As Mervyn King has said, they had a “nice environment for monetary policy” because of the downward pressure on world prices from the entry of millions of low-paid east Asian workers into the labour market. The failure of central banks to prevent — or even foresee — the 2008 financial crash stems directly from their acceptance of Eugene Fama’s efficient market theory, which implied that commercial banks needed only light regulation. Central banks have played a crucial but hardly stellar role in the recovery from the crash.

Most of the money pumped into the economy by quantitative easing leaked out into the financial and real estate sectors rather than stimulating the real economy. As your columnist John Kay pointed out ( July 9, 2013), “the one certain consequence of boosting asset prices is that those with assets benefit relative to those without”. Monetary policy is neither particularly effective nor politically neutral. Since governments, not central banks, are accountable for the results of policy, macroeconomic management cannot be outsourced to central banks. The two arms of policy, fiscal and monetary, need to be integrated. The experiment of independent central banks has to be brought to an end.

Lord Skidelsky FBA

London, SW1, UK

Are India’s ‘shadow banks’ a bigger risk than China’s?

Well, that is what Andy Mukherjee thinks or his editorial team thinks, if one went by the header of the article that he has written.

Now that New Delhi has replaced an independent-minded technocrat at the Reserve Bank of India with a former finance-ministry bureaucrat, it’s reasonable to expect that shadow banks will be encouraged to expand again.

That is quite a loaded sentence. Airbrushes or ignores a lot of other issues with Mr. Patel.

T.T. Ram Mohan offers an alternate perspective that is well worth a read. This paragraph is worth noting:

Thirdly, the particular suggestions from the government that have led to tensions with the RBI cannot be construed as attempts to infringe the autonomy of the central bank. Take, for instance, the issue of the appropriate level of reserves for the RBI. This is a technical matter on which reasonable people can legitimately differ. It is entirely appropriate to refer the matter to an independent committee. This would not have happened had the government not pressed its point vigorously.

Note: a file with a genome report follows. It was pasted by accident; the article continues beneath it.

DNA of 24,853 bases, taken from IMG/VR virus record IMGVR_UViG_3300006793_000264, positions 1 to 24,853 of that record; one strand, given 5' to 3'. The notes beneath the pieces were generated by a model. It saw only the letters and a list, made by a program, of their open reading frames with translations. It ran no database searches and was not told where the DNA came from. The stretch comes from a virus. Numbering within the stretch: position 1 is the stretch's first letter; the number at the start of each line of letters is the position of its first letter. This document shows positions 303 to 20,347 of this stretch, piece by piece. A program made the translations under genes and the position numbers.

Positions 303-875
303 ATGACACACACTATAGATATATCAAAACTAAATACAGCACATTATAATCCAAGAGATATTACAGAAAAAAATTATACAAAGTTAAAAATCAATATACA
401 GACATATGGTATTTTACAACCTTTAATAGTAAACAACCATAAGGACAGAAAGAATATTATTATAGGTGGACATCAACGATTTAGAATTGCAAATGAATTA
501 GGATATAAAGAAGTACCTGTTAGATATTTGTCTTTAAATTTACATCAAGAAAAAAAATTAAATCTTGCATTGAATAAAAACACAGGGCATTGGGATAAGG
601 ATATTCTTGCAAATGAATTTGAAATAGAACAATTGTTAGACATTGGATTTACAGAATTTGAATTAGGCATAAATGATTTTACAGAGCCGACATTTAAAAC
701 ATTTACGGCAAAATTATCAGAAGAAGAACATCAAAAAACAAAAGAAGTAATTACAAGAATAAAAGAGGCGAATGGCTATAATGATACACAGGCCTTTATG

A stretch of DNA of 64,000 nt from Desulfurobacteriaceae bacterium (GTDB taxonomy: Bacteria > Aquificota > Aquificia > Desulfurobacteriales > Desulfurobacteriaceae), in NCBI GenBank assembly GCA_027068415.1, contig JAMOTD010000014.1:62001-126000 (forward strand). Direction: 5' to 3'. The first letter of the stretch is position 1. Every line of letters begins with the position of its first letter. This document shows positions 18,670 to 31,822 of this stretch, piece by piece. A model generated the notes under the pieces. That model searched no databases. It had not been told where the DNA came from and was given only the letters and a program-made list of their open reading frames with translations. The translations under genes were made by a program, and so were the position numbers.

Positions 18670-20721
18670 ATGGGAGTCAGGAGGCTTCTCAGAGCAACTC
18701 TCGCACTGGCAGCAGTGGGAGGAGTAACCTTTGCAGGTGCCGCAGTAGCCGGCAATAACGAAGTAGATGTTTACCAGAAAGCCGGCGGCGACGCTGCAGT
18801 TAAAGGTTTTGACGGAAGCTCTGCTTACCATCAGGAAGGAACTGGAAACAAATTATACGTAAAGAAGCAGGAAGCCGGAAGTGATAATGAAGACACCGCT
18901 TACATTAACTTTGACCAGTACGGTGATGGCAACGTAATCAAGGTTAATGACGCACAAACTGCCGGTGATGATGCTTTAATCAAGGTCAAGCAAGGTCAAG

He ends on this note:

Will New Delhi be prepared to pull the rug from under the non-bank lenders if they push things too far? On that count, hold no hope. China’s shadow banking may be a lot bigger than India’s, but India’s is already too big to fail.

May be, he is right. But, I think he is far too dramatic here. Banks are being recapitalised and lending has picked up. So, I am not sure if India’s NBFCs are ‘too big to fail’.

Bangladesh and Maldives

With Rahul Gandhi occupying the front pages with his exemplary ‘prudence’ on farm loan waivers, this news-story did not get the attention it deserved – India’s offer of assistance to Maldives. Well done.

While I am rather pleased and impressed with the progress that Bangladesh has made and I am very happy for them, I do detect signs of hubris when the Prime Minister talks of achieving 9% GDP growth, etc. I am sceptical of such claims. It is still largely reliant on garment exports. Impressive that the per capita income has risen to USD1750. But, the economy is not diversified enough to be able to achieve and sustain a growth rate of 9% per annum. Plus, the loans to China should cause concern.

More importantly, it is good for her to realise that the current status did not arrive due to a pre-meditated plan. That is how it usually is. The end of MFA, the rise of costs in China, India’s inability to up its game on textile exports, etc., contributed. Understated confidence would do no harm at all. That said, a good story to read. Happy for them.

Macron bubble and protest vote in Spain